"Our Karl Rove is the blog you should be glad that Democratic strategists don't seem to listen to"
-- what they're saying on Republican blogs

Friday, October 31, 2008

An Economical Endorsement


I hold The Economist in high regard as a global news publication. Though, while reading it, it is important to recognize and acknowledge that it advocates a fierce ideology that maintaining free markets is by far the most advantageous strategy for improving the state of the human condition. Thus, when analyzing American politics, they are not going to be too inclined to endorse a Democrat for President. In fact, in articles throughout this year, I sensed The Economist strongly leaning toward McCain in their election coverage.

So it was to my great surprise that they have announced their endorsement of Barack Obama for President. Unlike its only two prior endorsements of Democrats (Kerry as "incoherent [and] far from an easy call," and Clinton as representing a party that "deserves a chance to try"), this endorsement is full-throated:

"The Economist does not have a vote, but if it did, it would cast it for Mr. Obama. We do so wholeheartedly: the Democratic candidate has clearly shown that he offers the better chance of restoring America's self-confidence."
Note: There is, of course, an argument made by Republicans that all the Economist does is endorse the "non incumbent party" nominee. This frame is clearly being advanced as a way to discount this powerful endorsement. However, it's simply not true: In 1984 and in 1988, The Economist chose to endorse no one.

This endorsement is powerful on two fronts:

1. The President of the United States is not a single-issue position. This is a free-market (i.e., anti-socialist) magazine weighing all the factors involved in what a President is and needs to be for America. Being a British enterprise, The Economist has traditionally seen America as a crucial gravitational force for the world's stability, safety and morality. From their perspective, America is much more than a nation -- it is a (now withering) symbol of what people and nations can do at their best: fearlessly innovate, explore, give, work and grow.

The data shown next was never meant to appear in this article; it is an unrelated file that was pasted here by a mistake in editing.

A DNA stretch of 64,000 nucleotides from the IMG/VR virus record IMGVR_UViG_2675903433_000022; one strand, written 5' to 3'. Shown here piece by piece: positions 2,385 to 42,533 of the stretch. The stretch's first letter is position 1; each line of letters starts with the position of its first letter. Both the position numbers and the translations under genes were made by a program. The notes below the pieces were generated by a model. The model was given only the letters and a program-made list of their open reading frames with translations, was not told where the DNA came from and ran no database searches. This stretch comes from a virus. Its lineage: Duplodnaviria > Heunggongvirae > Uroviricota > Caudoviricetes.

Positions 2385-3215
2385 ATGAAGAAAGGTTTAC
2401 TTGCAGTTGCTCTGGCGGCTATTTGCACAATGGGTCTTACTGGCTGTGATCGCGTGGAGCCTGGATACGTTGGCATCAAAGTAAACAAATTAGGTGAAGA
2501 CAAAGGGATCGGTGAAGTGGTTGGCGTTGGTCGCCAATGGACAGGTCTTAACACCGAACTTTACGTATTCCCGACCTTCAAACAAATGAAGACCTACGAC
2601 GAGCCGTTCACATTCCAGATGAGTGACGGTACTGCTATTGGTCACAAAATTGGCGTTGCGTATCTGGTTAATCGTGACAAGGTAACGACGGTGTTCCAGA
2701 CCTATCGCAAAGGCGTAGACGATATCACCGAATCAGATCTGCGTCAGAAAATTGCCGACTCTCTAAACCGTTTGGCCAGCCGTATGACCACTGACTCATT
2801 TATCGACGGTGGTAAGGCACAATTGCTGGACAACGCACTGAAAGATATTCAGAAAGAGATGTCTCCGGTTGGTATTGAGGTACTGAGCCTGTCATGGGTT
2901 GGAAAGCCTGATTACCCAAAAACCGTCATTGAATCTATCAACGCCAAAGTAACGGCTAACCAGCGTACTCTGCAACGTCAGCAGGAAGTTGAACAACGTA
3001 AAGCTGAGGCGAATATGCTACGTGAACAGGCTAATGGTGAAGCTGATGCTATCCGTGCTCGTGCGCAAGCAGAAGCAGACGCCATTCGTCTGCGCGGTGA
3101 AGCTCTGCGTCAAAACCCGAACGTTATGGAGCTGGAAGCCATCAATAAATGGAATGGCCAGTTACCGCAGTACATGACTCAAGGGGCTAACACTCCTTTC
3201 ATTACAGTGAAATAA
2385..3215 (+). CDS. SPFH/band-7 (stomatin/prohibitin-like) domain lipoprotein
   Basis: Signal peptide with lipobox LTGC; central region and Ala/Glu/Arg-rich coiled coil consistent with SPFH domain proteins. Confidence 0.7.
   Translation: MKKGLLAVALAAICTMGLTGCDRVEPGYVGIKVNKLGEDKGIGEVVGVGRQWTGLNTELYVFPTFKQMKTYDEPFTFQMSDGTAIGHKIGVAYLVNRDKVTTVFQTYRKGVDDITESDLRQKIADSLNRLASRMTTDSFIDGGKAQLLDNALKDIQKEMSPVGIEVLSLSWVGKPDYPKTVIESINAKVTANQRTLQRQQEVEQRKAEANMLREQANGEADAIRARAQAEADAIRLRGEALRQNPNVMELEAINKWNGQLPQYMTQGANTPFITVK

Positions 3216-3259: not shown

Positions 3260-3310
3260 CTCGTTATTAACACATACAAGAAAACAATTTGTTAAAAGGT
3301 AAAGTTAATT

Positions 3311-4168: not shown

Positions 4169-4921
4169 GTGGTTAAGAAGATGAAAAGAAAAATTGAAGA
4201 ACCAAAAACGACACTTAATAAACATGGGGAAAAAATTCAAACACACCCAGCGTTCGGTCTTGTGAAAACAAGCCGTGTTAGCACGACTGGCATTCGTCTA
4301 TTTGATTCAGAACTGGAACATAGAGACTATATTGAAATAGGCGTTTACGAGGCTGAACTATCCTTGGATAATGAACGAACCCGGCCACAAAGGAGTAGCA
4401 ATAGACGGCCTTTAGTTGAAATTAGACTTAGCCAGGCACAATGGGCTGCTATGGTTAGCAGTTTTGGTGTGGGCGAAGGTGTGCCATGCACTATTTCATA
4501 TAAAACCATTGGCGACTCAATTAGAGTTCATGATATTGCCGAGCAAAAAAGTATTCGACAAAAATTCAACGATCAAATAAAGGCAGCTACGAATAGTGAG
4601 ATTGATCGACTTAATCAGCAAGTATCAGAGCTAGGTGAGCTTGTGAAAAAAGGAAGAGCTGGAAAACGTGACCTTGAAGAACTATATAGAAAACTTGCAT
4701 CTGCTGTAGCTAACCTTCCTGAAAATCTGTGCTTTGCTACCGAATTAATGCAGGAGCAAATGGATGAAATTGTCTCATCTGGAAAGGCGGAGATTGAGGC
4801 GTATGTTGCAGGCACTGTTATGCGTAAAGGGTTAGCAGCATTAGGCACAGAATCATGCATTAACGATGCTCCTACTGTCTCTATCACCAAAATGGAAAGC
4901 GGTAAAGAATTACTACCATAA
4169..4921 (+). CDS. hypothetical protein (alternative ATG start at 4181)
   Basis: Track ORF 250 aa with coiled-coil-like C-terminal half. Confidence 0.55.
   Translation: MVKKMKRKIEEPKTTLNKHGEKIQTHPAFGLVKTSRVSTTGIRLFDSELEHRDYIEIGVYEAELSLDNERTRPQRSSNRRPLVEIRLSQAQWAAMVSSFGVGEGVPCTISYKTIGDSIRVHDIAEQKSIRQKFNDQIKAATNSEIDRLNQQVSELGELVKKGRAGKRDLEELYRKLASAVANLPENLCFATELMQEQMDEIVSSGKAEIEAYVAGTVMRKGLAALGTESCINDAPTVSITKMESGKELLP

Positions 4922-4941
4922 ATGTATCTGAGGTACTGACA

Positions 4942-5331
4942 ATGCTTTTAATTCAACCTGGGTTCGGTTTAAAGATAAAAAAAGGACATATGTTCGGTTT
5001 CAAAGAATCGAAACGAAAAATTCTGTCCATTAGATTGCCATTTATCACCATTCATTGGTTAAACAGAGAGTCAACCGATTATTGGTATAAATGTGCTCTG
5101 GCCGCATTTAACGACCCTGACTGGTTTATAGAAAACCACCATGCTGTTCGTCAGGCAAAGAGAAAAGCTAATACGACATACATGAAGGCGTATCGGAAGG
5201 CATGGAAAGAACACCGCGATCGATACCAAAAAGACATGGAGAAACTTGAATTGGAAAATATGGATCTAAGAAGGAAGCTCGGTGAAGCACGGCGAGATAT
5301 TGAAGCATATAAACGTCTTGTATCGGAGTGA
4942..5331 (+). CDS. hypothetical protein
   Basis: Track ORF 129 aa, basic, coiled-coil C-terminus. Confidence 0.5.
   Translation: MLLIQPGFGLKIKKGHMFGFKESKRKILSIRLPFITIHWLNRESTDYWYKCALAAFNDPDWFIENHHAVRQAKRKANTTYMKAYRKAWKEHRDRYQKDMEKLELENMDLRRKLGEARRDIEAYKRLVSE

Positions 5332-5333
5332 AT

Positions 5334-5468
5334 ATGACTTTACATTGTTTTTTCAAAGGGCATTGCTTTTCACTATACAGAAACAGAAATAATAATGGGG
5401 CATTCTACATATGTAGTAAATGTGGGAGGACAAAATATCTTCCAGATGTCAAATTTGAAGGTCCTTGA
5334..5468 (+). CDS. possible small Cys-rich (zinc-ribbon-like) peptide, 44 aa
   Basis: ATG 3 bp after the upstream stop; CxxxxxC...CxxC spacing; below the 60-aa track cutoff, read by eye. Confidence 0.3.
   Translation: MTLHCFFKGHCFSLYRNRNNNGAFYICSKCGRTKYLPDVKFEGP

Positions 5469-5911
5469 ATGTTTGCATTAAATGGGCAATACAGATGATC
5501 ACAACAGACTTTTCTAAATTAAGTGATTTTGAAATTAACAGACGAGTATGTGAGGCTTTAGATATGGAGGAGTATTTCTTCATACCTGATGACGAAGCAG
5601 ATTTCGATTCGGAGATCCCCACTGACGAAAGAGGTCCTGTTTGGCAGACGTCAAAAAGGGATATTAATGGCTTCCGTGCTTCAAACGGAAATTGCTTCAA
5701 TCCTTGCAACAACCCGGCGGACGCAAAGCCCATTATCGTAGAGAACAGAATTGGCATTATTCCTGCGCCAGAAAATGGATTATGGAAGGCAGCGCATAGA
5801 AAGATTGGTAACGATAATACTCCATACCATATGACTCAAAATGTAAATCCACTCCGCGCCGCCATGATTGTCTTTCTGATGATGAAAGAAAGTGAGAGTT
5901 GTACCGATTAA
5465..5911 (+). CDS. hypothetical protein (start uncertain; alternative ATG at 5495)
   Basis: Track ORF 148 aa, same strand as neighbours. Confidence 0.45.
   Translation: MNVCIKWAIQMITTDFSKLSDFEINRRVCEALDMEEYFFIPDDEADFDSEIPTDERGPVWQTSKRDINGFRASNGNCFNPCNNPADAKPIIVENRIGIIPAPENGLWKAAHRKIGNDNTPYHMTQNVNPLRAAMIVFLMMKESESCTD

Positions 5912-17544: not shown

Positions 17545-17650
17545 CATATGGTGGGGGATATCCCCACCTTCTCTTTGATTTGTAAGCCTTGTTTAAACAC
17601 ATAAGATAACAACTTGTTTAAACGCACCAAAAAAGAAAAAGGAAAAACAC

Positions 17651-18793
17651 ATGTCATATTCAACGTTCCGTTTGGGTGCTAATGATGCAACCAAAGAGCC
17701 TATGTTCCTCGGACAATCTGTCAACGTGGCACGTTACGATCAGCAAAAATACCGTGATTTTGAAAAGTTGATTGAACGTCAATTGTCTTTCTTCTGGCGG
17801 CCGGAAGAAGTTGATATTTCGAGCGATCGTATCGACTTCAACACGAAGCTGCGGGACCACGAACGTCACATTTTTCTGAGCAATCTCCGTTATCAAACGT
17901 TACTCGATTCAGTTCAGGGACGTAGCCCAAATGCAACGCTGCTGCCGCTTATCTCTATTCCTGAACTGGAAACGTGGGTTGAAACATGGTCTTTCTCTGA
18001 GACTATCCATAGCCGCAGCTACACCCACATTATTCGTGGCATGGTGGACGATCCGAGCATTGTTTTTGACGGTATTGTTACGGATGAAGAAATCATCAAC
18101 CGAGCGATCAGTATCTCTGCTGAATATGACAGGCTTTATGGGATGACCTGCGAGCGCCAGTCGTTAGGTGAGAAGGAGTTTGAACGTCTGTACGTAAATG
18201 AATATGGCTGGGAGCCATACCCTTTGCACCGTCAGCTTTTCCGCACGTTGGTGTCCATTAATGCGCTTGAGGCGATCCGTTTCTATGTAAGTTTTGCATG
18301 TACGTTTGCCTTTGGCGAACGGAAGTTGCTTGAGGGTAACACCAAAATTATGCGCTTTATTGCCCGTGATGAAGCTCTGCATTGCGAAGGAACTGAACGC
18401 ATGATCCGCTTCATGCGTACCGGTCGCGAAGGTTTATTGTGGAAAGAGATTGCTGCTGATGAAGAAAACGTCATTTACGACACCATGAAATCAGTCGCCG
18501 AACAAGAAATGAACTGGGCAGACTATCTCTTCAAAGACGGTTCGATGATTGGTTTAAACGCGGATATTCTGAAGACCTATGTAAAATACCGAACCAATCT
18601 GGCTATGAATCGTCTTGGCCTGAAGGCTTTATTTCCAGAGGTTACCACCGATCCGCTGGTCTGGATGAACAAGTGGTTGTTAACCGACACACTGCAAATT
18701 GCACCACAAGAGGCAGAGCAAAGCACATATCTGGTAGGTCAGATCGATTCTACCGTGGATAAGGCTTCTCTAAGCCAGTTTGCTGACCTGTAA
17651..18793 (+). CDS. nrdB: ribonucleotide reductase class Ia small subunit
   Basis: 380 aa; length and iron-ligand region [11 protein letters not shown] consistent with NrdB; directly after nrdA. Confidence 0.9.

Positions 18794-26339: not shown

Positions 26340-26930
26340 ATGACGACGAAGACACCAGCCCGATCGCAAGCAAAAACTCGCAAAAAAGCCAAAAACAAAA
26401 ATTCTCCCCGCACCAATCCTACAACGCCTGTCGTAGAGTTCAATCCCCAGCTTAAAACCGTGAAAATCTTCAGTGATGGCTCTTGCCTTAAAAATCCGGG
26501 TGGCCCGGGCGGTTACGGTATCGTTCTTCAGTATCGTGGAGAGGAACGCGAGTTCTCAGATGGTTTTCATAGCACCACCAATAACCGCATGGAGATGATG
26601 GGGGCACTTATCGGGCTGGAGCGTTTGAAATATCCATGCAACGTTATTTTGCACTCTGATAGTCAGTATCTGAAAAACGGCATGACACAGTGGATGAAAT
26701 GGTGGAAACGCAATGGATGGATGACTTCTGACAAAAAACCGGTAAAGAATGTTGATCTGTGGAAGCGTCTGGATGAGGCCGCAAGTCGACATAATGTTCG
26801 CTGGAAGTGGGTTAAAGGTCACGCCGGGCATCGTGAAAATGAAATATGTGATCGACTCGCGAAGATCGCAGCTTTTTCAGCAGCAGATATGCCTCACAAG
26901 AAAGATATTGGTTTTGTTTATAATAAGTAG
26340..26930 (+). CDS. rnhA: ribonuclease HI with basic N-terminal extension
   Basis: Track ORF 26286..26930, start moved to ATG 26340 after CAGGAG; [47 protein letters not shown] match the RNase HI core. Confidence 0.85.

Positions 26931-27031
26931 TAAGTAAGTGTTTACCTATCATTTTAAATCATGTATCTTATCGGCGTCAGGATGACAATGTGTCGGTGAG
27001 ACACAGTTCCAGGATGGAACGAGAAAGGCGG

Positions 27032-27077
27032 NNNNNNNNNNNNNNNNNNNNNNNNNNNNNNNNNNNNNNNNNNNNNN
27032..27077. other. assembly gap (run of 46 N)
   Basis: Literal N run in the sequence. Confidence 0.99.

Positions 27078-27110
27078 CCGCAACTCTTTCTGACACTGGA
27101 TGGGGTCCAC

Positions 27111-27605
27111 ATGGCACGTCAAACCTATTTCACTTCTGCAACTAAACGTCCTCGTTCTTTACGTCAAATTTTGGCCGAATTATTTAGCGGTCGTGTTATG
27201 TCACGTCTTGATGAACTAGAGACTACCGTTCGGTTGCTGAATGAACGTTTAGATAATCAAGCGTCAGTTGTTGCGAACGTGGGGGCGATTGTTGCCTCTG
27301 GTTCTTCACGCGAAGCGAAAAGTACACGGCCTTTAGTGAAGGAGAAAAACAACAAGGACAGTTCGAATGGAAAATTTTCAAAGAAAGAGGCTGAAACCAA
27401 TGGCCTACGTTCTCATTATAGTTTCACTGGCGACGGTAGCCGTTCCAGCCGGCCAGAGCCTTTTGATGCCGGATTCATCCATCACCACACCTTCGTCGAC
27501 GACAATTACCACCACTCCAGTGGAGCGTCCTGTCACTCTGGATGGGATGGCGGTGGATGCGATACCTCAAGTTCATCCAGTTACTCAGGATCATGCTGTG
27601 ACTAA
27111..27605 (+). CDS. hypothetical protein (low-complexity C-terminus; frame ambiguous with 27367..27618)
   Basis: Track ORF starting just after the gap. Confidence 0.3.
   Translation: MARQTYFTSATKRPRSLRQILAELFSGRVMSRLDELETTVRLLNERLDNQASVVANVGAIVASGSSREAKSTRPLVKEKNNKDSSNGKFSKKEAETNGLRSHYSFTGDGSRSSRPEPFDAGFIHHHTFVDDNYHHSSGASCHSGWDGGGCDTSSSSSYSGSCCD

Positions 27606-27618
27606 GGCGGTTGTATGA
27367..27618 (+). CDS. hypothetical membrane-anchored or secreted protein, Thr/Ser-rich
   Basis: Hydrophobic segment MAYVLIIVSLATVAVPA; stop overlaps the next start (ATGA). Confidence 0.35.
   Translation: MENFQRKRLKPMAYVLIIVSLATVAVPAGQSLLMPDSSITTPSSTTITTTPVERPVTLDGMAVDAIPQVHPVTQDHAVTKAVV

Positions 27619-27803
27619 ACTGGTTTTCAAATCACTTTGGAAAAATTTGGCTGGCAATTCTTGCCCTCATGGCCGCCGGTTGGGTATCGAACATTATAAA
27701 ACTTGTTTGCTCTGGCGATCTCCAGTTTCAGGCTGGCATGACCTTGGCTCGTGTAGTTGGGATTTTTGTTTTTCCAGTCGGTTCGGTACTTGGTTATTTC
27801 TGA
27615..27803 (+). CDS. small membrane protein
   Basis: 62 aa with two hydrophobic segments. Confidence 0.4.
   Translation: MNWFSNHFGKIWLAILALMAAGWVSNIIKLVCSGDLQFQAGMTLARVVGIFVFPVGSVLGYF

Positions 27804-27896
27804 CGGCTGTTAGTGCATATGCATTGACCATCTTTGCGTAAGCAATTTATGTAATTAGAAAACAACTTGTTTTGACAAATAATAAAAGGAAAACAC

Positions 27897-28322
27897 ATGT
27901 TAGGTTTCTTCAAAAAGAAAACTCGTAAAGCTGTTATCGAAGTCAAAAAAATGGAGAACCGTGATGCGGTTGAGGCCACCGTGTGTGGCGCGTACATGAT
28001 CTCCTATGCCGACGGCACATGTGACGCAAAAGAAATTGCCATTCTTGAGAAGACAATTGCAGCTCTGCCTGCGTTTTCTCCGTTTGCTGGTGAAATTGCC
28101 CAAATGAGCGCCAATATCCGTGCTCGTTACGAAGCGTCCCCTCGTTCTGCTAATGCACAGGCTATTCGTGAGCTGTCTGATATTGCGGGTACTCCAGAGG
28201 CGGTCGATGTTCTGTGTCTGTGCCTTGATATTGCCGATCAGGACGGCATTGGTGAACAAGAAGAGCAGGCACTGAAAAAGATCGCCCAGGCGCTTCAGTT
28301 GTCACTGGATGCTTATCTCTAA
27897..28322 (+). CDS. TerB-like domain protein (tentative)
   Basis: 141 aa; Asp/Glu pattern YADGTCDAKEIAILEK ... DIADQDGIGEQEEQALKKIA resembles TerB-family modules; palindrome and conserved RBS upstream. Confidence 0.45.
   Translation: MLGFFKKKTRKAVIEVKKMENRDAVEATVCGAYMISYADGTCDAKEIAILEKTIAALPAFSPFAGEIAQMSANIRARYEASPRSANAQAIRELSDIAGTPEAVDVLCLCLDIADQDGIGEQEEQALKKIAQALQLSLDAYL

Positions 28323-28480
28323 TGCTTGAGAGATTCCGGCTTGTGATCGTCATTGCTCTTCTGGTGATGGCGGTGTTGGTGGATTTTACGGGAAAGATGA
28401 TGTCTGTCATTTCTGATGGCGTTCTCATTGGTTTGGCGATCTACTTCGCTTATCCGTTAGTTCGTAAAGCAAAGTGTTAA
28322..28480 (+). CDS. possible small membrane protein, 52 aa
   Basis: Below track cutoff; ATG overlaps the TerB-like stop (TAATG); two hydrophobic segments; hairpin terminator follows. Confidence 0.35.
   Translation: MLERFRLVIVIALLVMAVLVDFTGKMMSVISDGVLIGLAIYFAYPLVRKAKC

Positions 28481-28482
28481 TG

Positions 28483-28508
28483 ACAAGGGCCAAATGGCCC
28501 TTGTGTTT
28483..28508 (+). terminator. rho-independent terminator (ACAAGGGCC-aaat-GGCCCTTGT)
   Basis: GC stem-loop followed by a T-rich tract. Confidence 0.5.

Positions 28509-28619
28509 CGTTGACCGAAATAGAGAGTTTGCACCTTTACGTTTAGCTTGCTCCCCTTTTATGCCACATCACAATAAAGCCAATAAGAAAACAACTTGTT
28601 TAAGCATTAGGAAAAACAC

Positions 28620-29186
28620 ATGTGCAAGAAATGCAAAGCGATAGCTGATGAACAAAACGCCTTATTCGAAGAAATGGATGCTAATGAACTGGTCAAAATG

From this vantage point, even the virulent free-market editors see the balanced scorecard: international relations, terrorism, the economy, race relations... all of these factors go into picking a modern-day President. The Economist reminds us that picking a President is so much more than a tax plan.

2. Obama is more like Ronald Reagan than most on either side of the aisle party want to admit. This is prescient OKR speaking; meaning, this is not a tactic that is necessarily going to win Obama any votes, hearts or minds in the next few days. But I'm going to advocate this frame nevertheless because I want to be out in front of it.

Actually, I'm not the one who is out in front of it first -- Obama was when he said that Reagan "changed the trajectory of America... He put us on a fundamentally different path because the country was ready for it." And he meant what he said -- it's just that he quickly learned that he couldn't say such things in Democratic primaries without being bludgeoned by a nearby Clinton.

Nevertheless, it's an important parallel. In 1980, Reagan was seen by many (right up to the end) as a vapid two-bit actor who did not have the experience or foreign policy chops to navigate America through the Cold War. Yet, no matter what your opinion on his philosophies and actions, he was a transformational President. He fundamentally shifted the domestic political landscape for decades, and dramatically changed the status quo of world events.

But how did this "unknown" and "inexperienced" candidate do it? Reagan transformed the nation -- and the world -- by restoring America's self-confidence.

Think about this while reading the Economist's endorsement again.

It's true that Obama's political philosophy is quite different from that of Reagan's. But his leadership philosophy is quite reminiscent.

During the primaries, there was a darn good reason why Republicans were so distressed about a potential Obama candidacy (distressed to the point of outright shilling for Hillary Clinton) -- they saw the Democrats' Ronald Reagan rising.

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